While I understand and respect where the other arguments are coming from, she provided a perspective that fought against the bleak helplessness that typically surrounds the Holocaust. She provided examples and interviews of people who put their lives on the line to save Jewish people from being killed or shipped to ghettos, and she also proved how not all Polish people were anti-Semitic or were too afraid to fight against Nazi German’s anti-Semitic policies. The final chapter, “Possibilities of Rescue,” compiled three perspectives on why foreign governments and institutions acted the way they did during the Holocaust.
William D. Rubinstein began by bluntly stating that there was little more that could have been done by the Allies to save those persecuted by Nazi Germany. He stated that it is unfair for historians to judge actions taken at the time because they are looking back on history, not living through it; t’s easy for individuals now to “coolly.. reflect on the events of the Holocaust” because we have extra information readily available now that wasn’t available then. Rubinstein then targeted David S.
Wyman and his book The Abandonment of the Jews by attempting to refute all twelve points Wyman made on how America could have saved hundreds of thousands of lives. He concluded his argument by firmly placing blame on Hitler and his regime. Rubinstein’s final and most important point revolved around how he believed nobody but those who led Nazi Germany should be blamed for what occurred during the Holocaust-“it is important that we not assign guilt to those who were innocent. ” Michael Phayer discussed Pope Pius XII, or Eugenio Pacelli: the pope who “led the Roman Catholic Church during World War II.
Phayer reasoned that Pope Pius XII wasn’t “Hitler’s Pope;” he actually disagreed, and even despised, the Nazis. Instead, Pope Pius XII was afraid of conflict and Soviet communism. Phayer detailed the reasons behind Pope Pius XII’s actions, claiming that he wasn’t acting on Hitler’s best interest, but instead he believed he was acting in the best interest of the Jewish people. Pope Pius XII made active efforts to save Italian Jewish citizens by hiding them within the Vatican, and he also attempted to save Hungarian Jewish people from being deported to Auschwitz.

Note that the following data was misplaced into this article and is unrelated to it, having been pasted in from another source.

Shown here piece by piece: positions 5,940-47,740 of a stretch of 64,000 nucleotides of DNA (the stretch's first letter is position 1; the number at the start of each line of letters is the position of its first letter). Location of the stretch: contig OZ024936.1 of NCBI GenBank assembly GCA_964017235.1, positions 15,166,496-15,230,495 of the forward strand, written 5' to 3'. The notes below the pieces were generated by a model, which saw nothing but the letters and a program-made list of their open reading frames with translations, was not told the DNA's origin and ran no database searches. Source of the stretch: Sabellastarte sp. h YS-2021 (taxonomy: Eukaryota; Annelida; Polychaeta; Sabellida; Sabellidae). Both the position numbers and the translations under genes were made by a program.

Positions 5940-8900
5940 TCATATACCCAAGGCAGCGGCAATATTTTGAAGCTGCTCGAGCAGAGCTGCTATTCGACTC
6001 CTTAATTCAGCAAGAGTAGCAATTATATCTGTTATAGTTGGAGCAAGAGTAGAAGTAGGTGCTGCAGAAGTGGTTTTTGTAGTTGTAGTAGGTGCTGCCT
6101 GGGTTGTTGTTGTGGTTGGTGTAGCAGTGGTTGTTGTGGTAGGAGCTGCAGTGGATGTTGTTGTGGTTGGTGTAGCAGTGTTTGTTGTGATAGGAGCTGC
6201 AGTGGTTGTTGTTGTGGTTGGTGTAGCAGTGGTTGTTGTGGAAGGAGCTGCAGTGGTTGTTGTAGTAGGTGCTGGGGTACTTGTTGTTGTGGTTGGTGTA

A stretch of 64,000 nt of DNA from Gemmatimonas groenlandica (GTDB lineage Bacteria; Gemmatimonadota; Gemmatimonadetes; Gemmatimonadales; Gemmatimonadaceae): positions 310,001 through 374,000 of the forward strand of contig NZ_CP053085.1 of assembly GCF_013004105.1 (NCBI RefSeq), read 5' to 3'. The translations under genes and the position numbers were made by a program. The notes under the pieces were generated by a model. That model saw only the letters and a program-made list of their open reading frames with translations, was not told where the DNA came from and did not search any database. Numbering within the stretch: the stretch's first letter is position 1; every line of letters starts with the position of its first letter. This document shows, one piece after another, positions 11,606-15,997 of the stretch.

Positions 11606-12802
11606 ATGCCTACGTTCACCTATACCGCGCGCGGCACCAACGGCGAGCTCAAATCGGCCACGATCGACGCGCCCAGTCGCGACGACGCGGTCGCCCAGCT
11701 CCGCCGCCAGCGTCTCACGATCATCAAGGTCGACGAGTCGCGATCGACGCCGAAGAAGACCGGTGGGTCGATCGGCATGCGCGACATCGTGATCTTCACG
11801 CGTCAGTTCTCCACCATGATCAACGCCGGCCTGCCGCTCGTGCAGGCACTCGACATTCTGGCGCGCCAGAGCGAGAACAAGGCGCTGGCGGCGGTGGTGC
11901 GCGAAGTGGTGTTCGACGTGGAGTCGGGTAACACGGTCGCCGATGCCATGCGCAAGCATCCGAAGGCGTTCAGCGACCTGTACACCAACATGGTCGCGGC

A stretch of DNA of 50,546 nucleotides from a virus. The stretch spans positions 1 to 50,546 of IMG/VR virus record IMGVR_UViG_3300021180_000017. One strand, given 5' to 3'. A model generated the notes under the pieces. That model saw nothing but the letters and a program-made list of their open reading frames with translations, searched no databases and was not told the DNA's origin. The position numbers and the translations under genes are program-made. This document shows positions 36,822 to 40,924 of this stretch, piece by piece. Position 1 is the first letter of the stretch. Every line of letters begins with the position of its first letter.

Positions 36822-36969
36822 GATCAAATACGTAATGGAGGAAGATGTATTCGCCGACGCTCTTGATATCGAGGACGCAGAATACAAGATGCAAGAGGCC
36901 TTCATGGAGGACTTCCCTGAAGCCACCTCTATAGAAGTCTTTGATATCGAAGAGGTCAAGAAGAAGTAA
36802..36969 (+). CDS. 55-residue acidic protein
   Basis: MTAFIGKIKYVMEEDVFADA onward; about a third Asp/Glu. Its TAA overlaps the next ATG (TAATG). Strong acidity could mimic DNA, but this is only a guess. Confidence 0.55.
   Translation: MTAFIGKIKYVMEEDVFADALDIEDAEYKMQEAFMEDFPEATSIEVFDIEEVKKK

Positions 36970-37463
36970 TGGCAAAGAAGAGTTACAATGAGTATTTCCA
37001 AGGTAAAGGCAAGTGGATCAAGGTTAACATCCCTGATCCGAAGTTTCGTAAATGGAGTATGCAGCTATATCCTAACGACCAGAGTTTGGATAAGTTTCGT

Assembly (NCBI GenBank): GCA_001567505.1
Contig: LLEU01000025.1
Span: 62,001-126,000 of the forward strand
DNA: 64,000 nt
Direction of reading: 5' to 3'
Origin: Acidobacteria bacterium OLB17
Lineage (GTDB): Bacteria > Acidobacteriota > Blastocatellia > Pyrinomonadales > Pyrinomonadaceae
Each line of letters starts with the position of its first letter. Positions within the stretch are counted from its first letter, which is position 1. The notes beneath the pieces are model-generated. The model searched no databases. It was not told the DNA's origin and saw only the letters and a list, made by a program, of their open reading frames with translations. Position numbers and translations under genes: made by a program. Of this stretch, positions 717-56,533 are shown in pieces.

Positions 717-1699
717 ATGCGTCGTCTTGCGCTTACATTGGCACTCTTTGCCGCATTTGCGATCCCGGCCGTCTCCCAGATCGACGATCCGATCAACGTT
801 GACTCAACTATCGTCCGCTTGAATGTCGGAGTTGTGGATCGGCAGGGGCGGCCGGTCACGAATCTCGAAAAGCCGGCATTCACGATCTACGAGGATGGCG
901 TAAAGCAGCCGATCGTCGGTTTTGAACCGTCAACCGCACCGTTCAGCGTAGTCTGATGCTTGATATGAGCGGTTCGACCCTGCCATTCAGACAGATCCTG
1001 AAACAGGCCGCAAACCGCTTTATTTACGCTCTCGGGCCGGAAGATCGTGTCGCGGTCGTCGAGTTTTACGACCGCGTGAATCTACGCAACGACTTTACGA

Phayer’s main goal was to clear Pope Pius XII’s name, and he did so by detailing Pope Pius XII’s efforts in saving the Jewish people in Italy and Hungary, even though he also placed the dangers of communism “over justice for Holocaust war criminals. ” Walter Laquer took on more of a psychological approach. He brought into question people’s ability to fully understand and register what happened during he Holocaust. He acknowledged how even eyewitnesses and victims who survived the Holocaust denied being part of it because they couldn’t comprehend what they experienced psychologically.
He began by addressing the role propaganda played in World War I, and how it shaped so many people’s thinking when it came to the news and daily occurrences. When the news leaked that 700,000 Jewish people had been killed, many thought “these reports had either been invented… or grossly exaggerated. ” Laquer discussed how news was blown off because the general public thought it was all fabricated. He then compiled nine reasons as to why so many people refused to believe the Holocaust happened.
He finally concluded his argument by claiming that hundreds of thousands of lives could have been saved, if only society could have seen the signs in front of them. Walter Laquer’s argument is the one I agree with the most. I don’t agree with the other two perspectives as much because there was absolutely more that could have been done to save the lives of all those who were killed in the Holocaust, and while I don’t see Pope Pius XII as Hitler’s priest, I do believe e should have done more-as a figure of God and as someone who represented peace and justness, he should have done more.
Laquer’s perspective was the best for me because he breaks it all down psychologically; he acknowledged how things could have been done better, he discussed the horrific chain of events that came from the propaganda, and he wrapped it all up by discussing the reactions that came from individuals all around the world. His argument makes the most sense to me, and I believe it is the most accurate and the clearest perspective out of the three presented.